The New York Times has given Tucker Carlson plenty to vent about on his Fox show. The newspaper is out with a three-part deep dive into Carlson's life and career. As you might expect, it is not exactly flattering, and the main headline gets to the point: "How Tucker Carlson Stoked White Fear to Conquer Cable." The gist of it, as written by Nicholas Confessore:
- "Carlson has constructed what may be the most racist show in the history of cable news—and also, by some measures, the most successful. Though he frequently declares himself an enemy of prejudice ... his show teaches loathing and fear. Night after night, hour by hour, Mr. Carlson warns his viewers that they inhabit a civilization under siege—by violent Black Lives Matter protesters in American cities, by diseased migrants from south of the border, by refugees importing alien cultures, and by tech companies and cultural elites who will silence them, or label them racist, if they complain."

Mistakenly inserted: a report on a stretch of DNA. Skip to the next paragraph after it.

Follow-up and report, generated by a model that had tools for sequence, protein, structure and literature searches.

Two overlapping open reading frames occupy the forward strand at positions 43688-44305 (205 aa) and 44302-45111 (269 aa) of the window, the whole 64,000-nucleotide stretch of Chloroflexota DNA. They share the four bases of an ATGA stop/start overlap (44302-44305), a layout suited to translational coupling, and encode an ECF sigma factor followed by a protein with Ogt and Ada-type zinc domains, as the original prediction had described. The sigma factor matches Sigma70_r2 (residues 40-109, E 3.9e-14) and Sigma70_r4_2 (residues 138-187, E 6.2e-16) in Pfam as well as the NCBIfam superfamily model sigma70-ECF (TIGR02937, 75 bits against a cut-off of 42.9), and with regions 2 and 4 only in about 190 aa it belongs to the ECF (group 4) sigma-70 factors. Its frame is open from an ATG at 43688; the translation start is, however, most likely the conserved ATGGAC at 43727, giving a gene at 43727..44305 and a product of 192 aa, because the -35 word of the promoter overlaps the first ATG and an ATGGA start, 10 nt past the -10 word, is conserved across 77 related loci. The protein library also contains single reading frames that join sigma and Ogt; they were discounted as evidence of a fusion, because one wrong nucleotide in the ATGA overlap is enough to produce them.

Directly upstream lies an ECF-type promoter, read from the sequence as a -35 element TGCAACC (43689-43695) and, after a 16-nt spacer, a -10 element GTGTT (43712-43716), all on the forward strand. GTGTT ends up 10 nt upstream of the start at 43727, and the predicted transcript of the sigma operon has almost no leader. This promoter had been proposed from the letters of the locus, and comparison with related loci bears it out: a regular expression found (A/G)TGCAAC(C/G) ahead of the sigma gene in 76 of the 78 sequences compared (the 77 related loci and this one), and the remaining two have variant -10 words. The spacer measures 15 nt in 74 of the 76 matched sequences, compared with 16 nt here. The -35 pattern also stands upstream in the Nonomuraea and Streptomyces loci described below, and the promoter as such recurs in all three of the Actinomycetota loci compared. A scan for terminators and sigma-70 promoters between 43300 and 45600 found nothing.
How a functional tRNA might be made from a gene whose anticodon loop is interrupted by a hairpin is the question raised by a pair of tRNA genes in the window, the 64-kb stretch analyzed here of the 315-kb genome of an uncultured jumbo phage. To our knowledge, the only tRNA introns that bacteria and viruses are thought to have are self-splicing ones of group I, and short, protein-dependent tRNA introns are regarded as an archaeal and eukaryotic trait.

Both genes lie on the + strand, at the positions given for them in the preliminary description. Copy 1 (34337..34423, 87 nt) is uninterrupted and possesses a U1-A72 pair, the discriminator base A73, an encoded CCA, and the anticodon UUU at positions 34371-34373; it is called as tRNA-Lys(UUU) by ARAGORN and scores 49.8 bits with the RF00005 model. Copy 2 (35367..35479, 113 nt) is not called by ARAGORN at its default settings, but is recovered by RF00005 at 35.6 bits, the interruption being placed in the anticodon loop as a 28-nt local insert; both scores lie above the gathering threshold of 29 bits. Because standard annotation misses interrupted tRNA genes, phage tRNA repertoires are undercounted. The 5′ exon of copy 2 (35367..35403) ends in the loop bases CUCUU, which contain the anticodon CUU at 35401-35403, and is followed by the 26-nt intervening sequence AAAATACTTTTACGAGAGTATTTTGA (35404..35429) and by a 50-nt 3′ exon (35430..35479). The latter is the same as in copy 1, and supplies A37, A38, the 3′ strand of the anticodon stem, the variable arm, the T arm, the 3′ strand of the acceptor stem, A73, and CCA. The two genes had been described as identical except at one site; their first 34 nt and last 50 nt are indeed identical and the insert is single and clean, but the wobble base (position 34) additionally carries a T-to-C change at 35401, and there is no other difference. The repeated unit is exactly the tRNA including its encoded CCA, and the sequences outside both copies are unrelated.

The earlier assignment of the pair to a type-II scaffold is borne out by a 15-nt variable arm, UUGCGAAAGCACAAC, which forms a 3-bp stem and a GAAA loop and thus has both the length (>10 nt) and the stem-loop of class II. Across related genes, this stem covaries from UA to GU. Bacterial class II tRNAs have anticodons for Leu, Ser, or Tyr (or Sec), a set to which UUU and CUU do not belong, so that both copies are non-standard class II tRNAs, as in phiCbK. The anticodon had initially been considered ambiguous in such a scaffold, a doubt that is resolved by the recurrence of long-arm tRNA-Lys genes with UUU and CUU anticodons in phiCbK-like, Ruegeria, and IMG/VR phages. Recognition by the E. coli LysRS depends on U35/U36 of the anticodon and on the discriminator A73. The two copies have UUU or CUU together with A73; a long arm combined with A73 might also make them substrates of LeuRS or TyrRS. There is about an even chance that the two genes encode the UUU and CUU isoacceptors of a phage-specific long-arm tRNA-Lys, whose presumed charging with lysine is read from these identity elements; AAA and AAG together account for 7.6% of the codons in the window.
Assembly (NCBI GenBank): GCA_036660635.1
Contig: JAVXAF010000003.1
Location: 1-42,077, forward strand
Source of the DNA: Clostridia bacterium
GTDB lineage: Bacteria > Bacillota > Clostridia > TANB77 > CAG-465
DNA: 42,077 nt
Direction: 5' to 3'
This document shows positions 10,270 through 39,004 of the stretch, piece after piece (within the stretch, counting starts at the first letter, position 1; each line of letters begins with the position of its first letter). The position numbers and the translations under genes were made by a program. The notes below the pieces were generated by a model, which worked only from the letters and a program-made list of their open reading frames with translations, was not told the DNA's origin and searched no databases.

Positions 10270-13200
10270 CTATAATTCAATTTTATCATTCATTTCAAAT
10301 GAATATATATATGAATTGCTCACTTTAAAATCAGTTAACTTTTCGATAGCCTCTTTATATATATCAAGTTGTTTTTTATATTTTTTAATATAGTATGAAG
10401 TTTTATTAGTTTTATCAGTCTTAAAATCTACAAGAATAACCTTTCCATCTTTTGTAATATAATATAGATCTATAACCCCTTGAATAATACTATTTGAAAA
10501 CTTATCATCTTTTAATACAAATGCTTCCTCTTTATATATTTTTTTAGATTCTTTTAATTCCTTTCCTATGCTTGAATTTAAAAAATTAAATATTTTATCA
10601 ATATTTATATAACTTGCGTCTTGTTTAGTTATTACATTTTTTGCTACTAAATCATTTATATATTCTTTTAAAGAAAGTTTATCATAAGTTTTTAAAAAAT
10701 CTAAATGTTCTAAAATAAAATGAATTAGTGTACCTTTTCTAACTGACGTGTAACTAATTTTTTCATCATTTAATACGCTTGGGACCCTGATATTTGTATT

The story tracks Carlson's career path, noting that while he always has worked for conservative outlets—or began his own, as with the Daily Caller—former colleagues now regularly accuse him of embracing the fringe. The stories explore that point—whether Carlson's Fox show is "merely lucrative theater or an expression of his true values." Confessore's conclusion: A "close reading of Mr. Carlson’s decades in television and journalism, and interviews with dozens of friends and former colleagues, show that Tucker Carlson Tonight is both." Here is the first part, the second part, and the third part. One key takeaway: Carlson has embraced Trumpism while keeping a careful distance from Donald Trump himself. (Read more Tucker Carlson stories.)